More than marine: revealing the critical importance of mangrove ecosystems for terrestrial vertebrates

Stefanie Rog, Rohan Clarke, Carly Cook

Research output: Contribution to journalArticleResearchpeer-review

18 Citations (Scopus)


Aim: Despite mangrove forests spanning marine, freshwater and terrestrial realms, their function as terrestrial ecosystems has been largely ignored. In the light of the rapid global decline of mangroves, it is critical to build a more holistic understanding to plan for effective management of the whole ecosystem. This study examines the importance of mangrove forests for terrestrial vertebrates. 

Location: Global mangrove forests. 

Methods: An extensive review of records of the use of global mangrove forests by the most poorly studied terrestrial vertebrate groups: mammals, reptiles and amphibians. We explored the species richness and distribution of these groups, along with their ecological characteristics. We also explored the relationship between animal and plant species richness across the distribution of mangrove forests. 

Results: Mangroves are used by a remarkable number of terrestrial mammal, reptile and amphibian species (n = 464); five times more than previously reported. The diversity of species uncovered by this study, almost half of which are of conservation concern, underscores the value of mangroves as terrestrial ecosystems. Most species were facultative users of mangroves; however, there are critical knowledge gaps in how these species interact with these ecosystems. We found a positive global correlation between animal and mangrove plant richness.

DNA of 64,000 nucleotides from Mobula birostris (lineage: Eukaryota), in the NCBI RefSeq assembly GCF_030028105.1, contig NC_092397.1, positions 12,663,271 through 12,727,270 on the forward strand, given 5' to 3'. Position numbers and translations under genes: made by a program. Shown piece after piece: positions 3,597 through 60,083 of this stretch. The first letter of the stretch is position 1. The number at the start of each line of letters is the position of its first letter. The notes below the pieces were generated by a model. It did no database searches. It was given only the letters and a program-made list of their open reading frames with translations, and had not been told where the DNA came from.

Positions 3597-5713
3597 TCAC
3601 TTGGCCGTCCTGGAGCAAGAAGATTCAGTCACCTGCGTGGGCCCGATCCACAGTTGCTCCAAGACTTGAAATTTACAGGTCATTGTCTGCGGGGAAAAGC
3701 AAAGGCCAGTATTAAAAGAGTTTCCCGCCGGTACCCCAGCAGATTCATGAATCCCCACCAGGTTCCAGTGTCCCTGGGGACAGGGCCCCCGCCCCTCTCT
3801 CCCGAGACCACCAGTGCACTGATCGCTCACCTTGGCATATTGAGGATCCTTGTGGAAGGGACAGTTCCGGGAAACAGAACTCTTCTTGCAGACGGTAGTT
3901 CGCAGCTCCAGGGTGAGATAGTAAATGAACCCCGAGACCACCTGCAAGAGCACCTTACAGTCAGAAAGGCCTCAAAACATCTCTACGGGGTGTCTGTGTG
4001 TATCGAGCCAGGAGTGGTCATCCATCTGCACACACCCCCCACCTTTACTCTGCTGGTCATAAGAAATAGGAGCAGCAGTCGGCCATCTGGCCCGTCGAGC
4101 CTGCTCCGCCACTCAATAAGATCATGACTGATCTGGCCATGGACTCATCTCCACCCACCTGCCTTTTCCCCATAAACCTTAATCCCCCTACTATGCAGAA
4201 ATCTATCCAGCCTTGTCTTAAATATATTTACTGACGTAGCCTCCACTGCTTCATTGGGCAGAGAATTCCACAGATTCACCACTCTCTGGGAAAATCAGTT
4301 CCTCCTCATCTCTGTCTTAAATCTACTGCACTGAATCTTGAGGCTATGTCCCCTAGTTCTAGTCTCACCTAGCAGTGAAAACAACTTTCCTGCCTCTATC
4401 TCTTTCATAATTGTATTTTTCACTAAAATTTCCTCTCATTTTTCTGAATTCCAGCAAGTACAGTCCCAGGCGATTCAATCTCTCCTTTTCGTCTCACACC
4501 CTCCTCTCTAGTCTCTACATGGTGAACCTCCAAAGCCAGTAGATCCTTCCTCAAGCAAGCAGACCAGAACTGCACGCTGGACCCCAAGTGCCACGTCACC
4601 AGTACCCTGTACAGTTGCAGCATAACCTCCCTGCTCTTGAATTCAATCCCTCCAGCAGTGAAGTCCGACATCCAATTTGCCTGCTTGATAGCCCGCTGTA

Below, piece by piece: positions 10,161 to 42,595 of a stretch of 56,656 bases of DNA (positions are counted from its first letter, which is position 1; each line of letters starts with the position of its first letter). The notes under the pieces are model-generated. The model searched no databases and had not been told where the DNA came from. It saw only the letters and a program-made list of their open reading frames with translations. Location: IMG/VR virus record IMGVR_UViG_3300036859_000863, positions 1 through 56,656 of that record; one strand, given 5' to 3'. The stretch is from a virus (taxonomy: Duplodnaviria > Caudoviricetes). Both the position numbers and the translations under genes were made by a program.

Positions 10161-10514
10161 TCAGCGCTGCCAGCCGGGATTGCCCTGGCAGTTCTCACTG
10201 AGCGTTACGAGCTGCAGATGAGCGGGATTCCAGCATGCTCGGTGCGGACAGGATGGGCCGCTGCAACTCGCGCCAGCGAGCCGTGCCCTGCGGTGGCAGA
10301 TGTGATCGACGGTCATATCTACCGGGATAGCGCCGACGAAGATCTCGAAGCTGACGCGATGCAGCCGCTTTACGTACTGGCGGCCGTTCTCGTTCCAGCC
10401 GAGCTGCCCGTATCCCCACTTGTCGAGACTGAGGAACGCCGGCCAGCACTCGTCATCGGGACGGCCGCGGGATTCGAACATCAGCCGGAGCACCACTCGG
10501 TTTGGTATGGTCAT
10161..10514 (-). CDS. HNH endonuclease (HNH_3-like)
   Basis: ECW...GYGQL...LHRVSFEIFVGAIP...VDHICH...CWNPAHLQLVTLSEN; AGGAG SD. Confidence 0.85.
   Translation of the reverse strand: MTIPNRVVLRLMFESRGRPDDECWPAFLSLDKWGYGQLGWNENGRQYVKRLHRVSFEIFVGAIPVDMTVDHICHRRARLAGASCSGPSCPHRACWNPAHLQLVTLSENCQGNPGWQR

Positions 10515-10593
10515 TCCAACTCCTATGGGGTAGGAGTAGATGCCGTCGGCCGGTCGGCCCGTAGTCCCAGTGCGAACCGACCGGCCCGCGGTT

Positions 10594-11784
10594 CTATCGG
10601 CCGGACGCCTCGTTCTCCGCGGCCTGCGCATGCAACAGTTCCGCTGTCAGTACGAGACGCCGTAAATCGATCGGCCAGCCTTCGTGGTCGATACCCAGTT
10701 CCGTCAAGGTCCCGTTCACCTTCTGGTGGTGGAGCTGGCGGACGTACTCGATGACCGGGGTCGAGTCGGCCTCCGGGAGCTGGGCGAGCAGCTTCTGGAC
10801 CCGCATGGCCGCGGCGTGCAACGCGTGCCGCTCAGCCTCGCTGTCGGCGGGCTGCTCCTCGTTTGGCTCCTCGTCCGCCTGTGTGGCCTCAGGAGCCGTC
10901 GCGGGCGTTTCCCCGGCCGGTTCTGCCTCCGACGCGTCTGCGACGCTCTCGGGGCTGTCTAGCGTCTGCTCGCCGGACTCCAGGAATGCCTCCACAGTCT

Main conclusions: This study highlights that mangrove forests are considerably more important for terrestrial animals than generally acknowledged. We present the most comprehensive review of the importance of mangrove forests for terrestrial vertebrates, but also reveal significant knowledge gaps in the ecology of these ecosystems. Our study uncovers evidence that these habitats may be increasingly important as refuges for species from anthropocentric disturbance. Our findings emphasize the importance of moving beyond viewing mangroves as marine ecosystems, towards recognizing their cross-realm importance. Without such a shift, there will be significant limitations in our ability to manage and conserve these ecosystems.

Original languageEnglish
Pages (from-to)221–230
Number of pages10
JournalDiversity and Distributions
Issue number2
Publication statusPublished - 2017


  • Biodiversity patterns
  • Coastal forest
  • Ecosystem function
  • Lagoon
  • Swamp
  • Transboundary

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